Death toll rises to 22, after two more die in El Paso

By REUTERS
August 5, 2019 23:17
1 minute read.
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Breaking news. (photo credit: JPOST STAFF)

 Two more victims of a shooting rampage at a Walmart store in El Paso, Texas died of their wounds on Monday, police said, raising the death toll to 22 in a massacre that prosecutors say was an act of domestic terrorism.

The latest fatalities brings to 31 the number of people killed during the weekend in mass shootings in El Paso and Dayton, Ohio, that have touched off a new furor over gun violence in the United States.

Patrick Crusius, 21, has been charged with a single count of capital murder in the El Paso case, court documents show, in what is likely a legal place holder to keep him in custody while the investigation is under way.



Authorities have cited a lengthy anti-immigrant manifesto, apparently posted online by the suspect before the Saturday morning shooting in the heavily Hispanic border city, which they said was evidence the bloodshed was racially motivated.



The four-page statement uploaded to 8chan, a largely un-moderated online message board often used by extremists, called the Walmart attack "a response to the Hispanic invasion of Texas."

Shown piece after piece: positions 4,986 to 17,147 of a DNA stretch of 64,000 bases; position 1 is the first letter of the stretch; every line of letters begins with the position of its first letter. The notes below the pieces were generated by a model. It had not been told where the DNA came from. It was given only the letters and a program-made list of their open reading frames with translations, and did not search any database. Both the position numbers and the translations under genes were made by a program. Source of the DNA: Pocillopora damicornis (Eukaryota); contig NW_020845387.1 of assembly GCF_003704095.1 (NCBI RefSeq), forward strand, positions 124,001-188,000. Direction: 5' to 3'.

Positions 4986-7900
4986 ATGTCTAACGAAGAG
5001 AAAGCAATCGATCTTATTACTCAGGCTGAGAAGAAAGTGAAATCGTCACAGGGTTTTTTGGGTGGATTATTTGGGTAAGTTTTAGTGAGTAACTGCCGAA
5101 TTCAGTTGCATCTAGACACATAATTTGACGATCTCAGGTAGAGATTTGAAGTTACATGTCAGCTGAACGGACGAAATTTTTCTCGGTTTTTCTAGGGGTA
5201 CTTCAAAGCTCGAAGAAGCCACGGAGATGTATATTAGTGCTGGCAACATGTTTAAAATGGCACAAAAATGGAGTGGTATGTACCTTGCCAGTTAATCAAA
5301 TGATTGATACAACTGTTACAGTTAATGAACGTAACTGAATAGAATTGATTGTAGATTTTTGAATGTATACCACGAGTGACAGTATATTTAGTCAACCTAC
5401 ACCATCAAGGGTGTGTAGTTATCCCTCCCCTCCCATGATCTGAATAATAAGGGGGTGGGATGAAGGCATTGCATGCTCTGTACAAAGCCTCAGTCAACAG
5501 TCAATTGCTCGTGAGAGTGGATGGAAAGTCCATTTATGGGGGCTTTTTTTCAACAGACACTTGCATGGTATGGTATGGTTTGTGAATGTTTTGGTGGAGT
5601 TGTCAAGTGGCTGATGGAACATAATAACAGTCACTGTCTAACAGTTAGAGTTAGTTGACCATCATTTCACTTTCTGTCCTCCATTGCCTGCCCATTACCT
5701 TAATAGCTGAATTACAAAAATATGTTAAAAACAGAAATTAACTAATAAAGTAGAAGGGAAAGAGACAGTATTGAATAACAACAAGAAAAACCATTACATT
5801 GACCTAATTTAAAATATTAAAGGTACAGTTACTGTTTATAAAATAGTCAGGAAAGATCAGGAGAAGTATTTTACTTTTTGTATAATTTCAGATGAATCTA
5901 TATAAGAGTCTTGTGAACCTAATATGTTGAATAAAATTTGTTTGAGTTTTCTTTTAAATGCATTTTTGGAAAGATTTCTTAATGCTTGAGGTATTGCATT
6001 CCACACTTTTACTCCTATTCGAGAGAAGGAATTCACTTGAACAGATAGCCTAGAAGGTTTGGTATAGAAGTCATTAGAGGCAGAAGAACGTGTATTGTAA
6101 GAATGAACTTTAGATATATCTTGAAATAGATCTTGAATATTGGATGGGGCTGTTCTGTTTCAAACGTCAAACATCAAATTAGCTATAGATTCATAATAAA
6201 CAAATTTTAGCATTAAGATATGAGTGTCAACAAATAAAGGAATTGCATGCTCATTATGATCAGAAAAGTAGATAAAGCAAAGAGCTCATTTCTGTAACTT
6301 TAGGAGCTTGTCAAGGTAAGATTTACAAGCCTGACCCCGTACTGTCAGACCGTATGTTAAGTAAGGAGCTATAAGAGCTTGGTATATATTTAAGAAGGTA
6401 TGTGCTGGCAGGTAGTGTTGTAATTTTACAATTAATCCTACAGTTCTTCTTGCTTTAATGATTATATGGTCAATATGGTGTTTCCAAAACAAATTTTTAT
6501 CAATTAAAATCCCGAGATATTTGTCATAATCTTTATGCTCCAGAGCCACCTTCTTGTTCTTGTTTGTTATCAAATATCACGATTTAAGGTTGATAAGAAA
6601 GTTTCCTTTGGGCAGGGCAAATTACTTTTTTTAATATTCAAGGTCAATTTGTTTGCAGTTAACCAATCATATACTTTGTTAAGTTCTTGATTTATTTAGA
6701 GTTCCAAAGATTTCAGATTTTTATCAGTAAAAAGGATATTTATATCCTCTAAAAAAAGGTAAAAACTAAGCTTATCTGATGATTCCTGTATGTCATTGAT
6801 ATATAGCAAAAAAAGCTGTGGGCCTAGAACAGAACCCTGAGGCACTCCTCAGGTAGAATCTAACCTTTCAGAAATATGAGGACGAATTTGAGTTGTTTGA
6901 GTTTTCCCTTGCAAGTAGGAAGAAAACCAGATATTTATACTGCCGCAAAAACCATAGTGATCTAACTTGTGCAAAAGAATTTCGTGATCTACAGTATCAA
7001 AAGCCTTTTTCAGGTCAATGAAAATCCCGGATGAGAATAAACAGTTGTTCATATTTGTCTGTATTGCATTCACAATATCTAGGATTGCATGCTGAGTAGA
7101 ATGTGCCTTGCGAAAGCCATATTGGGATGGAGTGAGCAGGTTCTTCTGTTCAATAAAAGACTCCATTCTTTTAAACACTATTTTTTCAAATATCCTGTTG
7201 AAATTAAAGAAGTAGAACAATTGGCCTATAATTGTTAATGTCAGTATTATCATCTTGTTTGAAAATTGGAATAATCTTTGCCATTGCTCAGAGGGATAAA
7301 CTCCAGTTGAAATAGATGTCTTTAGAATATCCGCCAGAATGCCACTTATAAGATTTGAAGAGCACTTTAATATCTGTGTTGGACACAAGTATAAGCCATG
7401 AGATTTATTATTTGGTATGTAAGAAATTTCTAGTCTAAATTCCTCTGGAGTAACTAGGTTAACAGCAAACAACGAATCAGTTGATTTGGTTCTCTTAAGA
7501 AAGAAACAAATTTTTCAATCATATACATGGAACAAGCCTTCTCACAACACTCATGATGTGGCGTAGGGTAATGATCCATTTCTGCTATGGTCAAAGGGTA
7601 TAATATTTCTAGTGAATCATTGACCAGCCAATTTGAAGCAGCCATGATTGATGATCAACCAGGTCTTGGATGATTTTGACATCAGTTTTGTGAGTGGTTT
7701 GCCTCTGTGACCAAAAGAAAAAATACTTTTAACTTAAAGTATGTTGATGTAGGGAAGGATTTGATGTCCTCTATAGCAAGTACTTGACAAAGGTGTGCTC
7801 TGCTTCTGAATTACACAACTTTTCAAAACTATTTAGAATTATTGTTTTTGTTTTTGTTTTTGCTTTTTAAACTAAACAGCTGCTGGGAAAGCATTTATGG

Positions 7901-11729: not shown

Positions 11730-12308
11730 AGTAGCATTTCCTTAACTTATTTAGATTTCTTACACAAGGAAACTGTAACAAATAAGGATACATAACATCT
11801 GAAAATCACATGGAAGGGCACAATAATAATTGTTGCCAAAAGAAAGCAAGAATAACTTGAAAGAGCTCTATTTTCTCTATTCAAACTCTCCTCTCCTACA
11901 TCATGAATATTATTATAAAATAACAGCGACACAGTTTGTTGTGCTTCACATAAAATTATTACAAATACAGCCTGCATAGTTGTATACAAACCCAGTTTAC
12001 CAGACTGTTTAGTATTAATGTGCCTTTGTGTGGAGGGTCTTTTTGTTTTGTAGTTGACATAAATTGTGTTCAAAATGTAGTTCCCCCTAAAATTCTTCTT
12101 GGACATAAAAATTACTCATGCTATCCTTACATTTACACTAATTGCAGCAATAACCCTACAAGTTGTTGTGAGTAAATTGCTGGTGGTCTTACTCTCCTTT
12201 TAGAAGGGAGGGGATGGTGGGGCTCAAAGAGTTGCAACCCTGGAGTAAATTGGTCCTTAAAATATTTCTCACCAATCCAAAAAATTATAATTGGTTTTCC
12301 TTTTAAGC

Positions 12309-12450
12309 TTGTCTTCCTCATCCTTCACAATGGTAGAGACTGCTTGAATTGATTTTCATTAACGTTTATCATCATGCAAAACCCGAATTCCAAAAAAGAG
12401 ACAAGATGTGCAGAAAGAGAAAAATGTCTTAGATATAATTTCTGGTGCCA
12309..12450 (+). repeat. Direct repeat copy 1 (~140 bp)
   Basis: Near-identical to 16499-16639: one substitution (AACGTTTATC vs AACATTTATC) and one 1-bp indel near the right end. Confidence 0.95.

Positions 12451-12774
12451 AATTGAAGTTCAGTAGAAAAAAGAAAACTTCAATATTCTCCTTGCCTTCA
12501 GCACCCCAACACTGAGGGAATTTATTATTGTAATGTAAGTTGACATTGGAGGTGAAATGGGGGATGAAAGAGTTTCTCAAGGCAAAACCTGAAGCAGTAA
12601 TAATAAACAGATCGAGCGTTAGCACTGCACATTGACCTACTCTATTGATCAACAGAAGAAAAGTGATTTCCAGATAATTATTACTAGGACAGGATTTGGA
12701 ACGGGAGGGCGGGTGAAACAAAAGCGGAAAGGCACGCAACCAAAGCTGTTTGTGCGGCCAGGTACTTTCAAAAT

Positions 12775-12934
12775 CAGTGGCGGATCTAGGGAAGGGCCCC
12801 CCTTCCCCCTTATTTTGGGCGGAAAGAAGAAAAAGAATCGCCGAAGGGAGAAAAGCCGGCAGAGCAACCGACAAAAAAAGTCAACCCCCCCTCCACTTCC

It also expressed support for a gunman who killed 51 people at two mosques in Christchurch, New Zealand, in March.



The El Paso killings prompted 8chan founder Frederick Brennan, in an interview with the New York Times, to call for the site to be shut down. Brennan no longer has control of the site, which is now run from the Philippines by a US Army veteran, the Times reported.



Texas Governor Greg Abbott said Saturday's rampage appeared to be a hate crime and federal prosecutors called it domestic terrorism. A Texas prosecutor said the state will seek the death penalty against Crusius if he is convicted.



US President Donald Trump said Americans "must condemn racism, bigotry and white supremacy" and blamed the internet and violent video games for fostering violence.



US gun control activists say the internet and video games cannot be blamed because they are also are popular in countries where mass shootings are virtually unknown, in part because it is harder to get a firearm.


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